Introduction: Although smoking is a major risk factor for pharyngolaryngeal cancer, most smokers do not develop pharyngolaryngeal cancer. Objectives: In the prospective Korean Cancer Prevention Study-II (KCPS-II), we investigated the application of metabolomics to differentiate smokers with incident pharyngolaryngeal cancer (pharyngolaryngeal cancer group) from smokers who remained free from cancer (controls) during a mean follow-up period of 7 years and aimed to discover valuable early biomarkers of pharyngolaryngeal cancer. Methods: We used baseline serum samples from 30 smoking men with incident pharyngolaryngeal cancer and 59 age-matched cancer-free smoking men. Metabolic alterations associated with the incidence of pharyngolaryngeal cancer were investigated by performing metabolomics on baseline serum samples using ultra-performance liquid chromatography-linear-trap quadrupole-Orbitrap mass spectrometry. Results: Compared to the control group, the pharyngolaryngeal cancer group showed significantly higher oxidized LDL levels. Seventeen metabolites were differentially abundant between the two groups. At baseline, compared to controls, smokers with incident pharyngolaryngeal cancer during follow-up showed significantly higher levels of pyroglutamic acid (glutathione metabolism) but lower levels of lysophosphatidylcholines (lysoPCs) C14:0, C15:0, C16:0, C17:0, C18:0, and C20:5; glycerophosphocholine; PC C36:5; lysoPEs C16:0, C20:1, and C22:0 (glycerophospholipid metabolism); SM (d18:0/16:1); and SM (d18:1/18:1) (sphingomyelin metabolism). Furthermore, smokers with incident pharyngolaryngeal cancer showed significantly higher levels of oleamide and lower levels of tryptophan and linoleyl carnitine at baseline than cancer-free smokers. Conclusion: This prospective study showed the clinical relevance of dysregulated metabolism of glutathione, glycerophospholipids and sphingolipids to the pathogenesis of pharyngolaryngeal cancer among smokers. These data suggest that the dysregulation of these metabolic processes may be a key mechanism underlying pharyngolaryngeal cancer progression and development.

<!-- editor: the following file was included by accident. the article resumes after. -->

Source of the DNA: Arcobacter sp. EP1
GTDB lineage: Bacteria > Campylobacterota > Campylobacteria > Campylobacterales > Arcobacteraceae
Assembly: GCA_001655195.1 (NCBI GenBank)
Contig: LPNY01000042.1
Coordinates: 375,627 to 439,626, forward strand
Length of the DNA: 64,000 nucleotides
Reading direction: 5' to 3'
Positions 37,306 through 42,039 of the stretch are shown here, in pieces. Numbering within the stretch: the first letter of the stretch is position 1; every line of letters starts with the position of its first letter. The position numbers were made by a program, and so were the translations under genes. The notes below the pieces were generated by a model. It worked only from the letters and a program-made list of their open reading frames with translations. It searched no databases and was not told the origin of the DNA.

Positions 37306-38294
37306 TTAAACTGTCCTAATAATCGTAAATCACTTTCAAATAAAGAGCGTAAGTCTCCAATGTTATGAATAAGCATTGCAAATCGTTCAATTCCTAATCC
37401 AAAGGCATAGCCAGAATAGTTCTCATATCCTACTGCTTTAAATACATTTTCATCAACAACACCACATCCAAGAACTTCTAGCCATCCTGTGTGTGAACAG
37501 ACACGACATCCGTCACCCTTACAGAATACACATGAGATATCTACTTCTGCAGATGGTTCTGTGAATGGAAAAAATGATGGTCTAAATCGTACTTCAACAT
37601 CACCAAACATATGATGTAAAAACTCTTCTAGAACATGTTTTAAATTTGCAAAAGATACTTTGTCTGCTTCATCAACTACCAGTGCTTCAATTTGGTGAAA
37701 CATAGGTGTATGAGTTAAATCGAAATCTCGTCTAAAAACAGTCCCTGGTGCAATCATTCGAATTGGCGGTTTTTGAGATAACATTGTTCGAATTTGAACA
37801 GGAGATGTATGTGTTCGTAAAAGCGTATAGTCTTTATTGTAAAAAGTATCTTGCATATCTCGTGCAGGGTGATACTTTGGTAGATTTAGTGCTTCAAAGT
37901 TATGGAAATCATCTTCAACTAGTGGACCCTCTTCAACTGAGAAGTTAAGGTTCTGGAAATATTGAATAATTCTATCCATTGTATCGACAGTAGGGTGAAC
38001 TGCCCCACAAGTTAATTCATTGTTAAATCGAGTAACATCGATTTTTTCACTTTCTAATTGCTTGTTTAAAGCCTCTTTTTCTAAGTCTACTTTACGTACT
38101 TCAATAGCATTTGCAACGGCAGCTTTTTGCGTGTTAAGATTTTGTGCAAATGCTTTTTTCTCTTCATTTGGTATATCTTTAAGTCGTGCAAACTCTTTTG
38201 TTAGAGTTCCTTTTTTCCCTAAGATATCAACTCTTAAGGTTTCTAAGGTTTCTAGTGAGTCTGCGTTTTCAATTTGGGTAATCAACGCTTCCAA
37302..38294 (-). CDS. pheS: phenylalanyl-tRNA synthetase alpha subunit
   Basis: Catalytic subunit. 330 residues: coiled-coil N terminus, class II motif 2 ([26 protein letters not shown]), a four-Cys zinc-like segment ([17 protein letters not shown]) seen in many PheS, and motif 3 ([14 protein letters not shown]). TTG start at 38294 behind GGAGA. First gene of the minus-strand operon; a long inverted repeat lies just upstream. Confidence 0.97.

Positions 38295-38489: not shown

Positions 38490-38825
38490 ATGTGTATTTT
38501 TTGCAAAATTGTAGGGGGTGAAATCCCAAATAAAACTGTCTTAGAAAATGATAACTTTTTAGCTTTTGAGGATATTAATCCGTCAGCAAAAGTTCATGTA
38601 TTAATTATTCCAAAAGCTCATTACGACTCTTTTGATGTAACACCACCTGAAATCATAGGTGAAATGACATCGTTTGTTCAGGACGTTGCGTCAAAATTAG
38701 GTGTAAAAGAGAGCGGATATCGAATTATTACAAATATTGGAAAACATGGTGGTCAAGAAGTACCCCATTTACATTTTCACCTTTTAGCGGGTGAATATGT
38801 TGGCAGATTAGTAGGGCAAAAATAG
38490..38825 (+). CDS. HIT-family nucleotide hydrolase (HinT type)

Bibliographical noteFunding Information:
This study was funded by grants from the Korean Health Technology R&D Project, Ministry of Health & Welfare, Republic of Korea (HI14C2686010115 and HI14C2686), and the Bio-Synergy Research Project (NRF-2012M3A9C4048762) of the Ministry of Science, ICT and Future Planning through the National Research Foundation, Republic of Korea.
© 2016, Springer Science+Business Media New York.
All Science Journal Classification (ASJC) codes
- Endocrinology, Diabetes and Metabolism
- Clinical Biochemistry